She hears footsteps from above, shuffling against the attic floorboards. A framed painting suddenly vanishes from a wall. The gas-fueled flames of the chandelier flicker and dim. 
She is certain it happened — but her husband assures her that she’s imagining it all. It’s her behavior that seems odd, he insists; perhaps she’s going mad? And, slowly, she begins to believe him.
This is the plot of the 1944 Ingrid Bergman film “Gaslight.” It is also the origin of a buzzword that has spread from pop culture to clinical psychology and back again.
This is a very specific accusation. To “gaslight” someone isn’t just to lie to them or to manipulate their emotions. It is a deliberate attempt to deceive someone into questioning their own perception of reality. (“Suddenly, I’m beginning not to trust my memory at all,” says Bergman’s character, Paula, as her faith in her senses begins to fray.)
Fortunately, some of our gaslighted heroines from fiction offer tips on how to break free of the cycle: 
Either it becomes so evident that something is wrong -- as in “The Shining,” where blood pouring out of the elevator is hard to ignore -- “or you need a witness, someone who is there to help you through it and point it out.

Friday, January 27, 2017

Laurie Hickman Cox Painting at the Meadows Museum of Art

Laurie Hickman Cox

John Singer Sargent Watercolors

John Singer Sargent



John Singer Sargent



John Singer Sargent



John Singer Sargent



John Singer Sargent



John Singer Sargent



Featured image is reproduced from <I>John Singer Sargent: Watercolors</I>.
John Singer Sargent

John Singer Sargent’s approach to watercolor was unconventional. Going beyond turn-of-the-century standards for carefully delineated and composed landscapes filled with transparent washes, his confidently bold, dense strokes and loosely defined forms startled critics and fellow practitioners alike. One reviewer of an exhibition in London proclaimed him “an eagle in a dove-cote”; another called his work “swagger” watercolors. For Sargent, however, the watercolors were not so much about swagger as about a renewed and liberated approach to painting. In watercolor, his vision became more personal and his works more interconnected, as he considered the way one image -- often of a friend or favorite place -- enhanced another. Sargent held only two major watercolor exhibitions in the United States during his lifetime. The contents of the first, in 1909, were purchased in their entirety by the Brooklyn Museum of Art. The paintings exhibited in the other, in 1912, were scooped up by the Museum of Fine Arts, Boston.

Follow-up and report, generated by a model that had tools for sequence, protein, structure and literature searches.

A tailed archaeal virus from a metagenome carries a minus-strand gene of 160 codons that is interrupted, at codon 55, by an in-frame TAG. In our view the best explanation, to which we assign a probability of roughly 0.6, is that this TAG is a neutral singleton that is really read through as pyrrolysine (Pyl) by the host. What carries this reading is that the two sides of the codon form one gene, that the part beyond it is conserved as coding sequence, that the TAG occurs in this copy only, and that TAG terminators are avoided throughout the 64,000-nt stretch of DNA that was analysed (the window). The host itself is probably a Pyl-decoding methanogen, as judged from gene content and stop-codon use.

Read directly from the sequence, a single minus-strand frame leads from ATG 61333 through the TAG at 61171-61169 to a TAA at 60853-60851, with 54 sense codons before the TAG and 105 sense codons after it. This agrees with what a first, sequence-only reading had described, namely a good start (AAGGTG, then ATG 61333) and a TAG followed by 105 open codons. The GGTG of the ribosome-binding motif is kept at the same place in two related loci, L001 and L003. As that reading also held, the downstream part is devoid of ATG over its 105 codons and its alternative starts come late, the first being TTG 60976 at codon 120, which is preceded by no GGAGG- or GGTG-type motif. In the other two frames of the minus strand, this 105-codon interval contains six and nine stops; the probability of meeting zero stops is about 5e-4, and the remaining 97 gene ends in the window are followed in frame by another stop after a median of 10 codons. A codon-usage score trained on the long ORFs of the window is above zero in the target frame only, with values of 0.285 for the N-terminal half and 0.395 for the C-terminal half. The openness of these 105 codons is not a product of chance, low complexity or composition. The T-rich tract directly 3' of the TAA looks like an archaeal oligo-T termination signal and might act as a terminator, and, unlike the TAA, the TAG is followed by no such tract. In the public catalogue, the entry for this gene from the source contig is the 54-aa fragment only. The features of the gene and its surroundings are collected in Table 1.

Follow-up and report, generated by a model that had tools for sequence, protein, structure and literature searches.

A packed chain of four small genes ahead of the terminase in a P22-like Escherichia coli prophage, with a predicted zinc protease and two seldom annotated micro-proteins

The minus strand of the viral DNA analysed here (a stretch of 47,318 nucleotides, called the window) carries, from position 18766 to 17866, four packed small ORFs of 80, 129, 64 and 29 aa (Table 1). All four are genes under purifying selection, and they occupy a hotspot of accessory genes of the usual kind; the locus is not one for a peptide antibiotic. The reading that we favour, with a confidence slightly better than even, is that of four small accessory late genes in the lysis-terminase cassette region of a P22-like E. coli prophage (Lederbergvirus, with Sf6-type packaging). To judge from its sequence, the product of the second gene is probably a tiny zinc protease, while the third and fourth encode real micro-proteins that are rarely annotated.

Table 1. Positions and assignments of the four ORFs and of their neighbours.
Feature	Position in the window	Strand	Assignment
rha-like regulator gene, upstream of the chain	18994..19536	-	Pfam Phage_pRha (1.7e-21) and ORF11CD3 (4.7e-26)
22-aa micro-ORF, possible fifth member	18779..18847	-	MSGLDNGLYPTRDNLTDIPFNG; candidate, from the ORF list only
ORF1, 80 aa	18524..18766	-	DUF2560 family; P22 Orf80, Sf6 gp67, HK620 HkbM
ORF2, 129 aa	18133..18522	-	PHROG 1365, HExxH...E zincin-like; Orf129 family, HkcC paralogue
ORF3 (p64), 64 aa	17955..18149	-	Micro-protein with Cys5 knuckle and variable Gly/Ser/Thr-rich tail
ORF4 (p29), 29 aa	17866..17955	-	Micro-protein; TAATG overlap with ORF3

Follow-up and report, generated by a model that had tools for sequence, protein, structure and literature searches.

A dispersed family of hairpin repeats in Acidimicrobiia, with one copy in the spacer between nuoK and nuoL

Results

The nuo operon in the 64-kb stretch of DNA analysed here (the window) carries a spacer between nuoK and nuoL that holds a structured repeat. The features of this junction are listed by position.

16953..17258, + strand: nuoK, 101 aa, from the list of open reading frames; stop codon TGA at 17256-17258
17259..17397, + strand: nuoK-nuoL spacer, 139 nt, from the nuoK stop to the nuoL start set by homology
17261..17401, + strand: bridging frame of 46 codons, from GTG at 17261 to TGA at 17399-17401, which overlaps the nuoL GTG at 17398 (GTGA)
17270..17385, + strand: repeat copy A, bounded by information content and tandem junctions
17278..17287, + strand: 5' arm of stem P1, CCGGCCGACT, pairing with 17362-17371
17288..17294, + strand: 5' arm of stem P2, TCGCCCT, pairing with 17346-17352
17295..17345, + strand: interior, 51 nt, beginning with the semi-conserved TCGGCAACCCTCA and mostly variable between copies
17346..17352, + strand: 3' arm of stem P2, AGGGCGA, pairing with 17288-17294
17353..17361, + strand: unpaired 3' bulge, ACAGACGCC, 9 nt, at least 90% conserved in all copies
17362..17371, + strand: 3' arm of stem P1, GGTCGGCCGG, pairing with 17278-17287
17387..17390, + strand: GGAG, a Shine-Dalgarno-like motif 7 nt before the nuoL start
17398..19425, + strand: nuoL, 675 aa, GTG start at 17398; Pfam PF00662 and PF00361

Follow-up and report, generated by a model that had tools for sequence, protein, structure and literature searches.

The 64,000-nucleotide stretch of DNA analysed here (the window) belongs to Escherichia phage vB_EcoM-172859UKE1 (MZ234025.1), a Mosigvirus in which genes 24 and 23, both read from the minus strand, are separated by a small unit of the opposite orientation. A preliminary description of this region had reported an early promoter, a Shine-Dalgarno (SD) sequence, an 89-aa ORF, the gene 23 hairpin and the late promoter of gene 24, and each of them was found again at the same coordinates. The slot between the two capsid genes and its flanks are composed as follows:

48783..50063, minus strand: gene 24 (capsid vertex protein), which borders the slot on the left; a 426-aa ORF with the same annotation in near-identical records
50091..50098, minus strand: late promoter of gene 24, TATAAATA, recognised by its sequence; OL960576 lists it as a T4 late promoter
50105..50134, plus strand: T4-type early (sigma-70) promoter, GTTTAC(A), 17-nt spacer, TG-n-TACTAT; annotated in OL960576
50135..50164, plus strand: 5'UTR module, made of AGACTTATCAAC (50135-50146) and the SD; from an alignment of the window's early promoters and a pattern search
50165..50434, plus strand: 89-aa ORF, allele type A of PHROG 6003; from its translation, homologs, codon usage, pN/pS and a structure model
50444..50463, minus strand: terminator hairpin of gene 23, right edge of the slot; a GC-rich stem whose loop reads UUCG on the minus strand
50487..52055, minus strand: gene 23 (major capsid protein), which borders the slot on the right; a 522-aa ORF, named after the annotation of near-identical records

John Singer Sargent Watercolors reunites nearly 100 works from these collections for the first time, arranging them by themes and subjects: sunlight on stone, figures reclining on grass, patterns of light and shadow. Enhanced by biographical and technical essays, and lavishly illustrated with 175 color reproductions, this publication introduces readers to the full sweep of Sargent’s accomplishments in this medium, in works that delight the eye as well as challenge our understanding of this prodigiously gifted artist.
The international art star of the Gilded AgeJohn Singer Sargent(1856–1925) was born in Italy to American parents, trained in Paris and worked on both sides of the Atlantic. Sargent is best known for his dramatic and stylish portraits, but he was equally active as a landscapist, muralist, and watercolor painter. His dynamic and boldly conceived watercolors, created during travels to Tuscan gardens, Alpine retreats, Venetian canals and Bedouin encampments, record unusual motifs that caught his incisive eye.





Thursday, January 26, 2017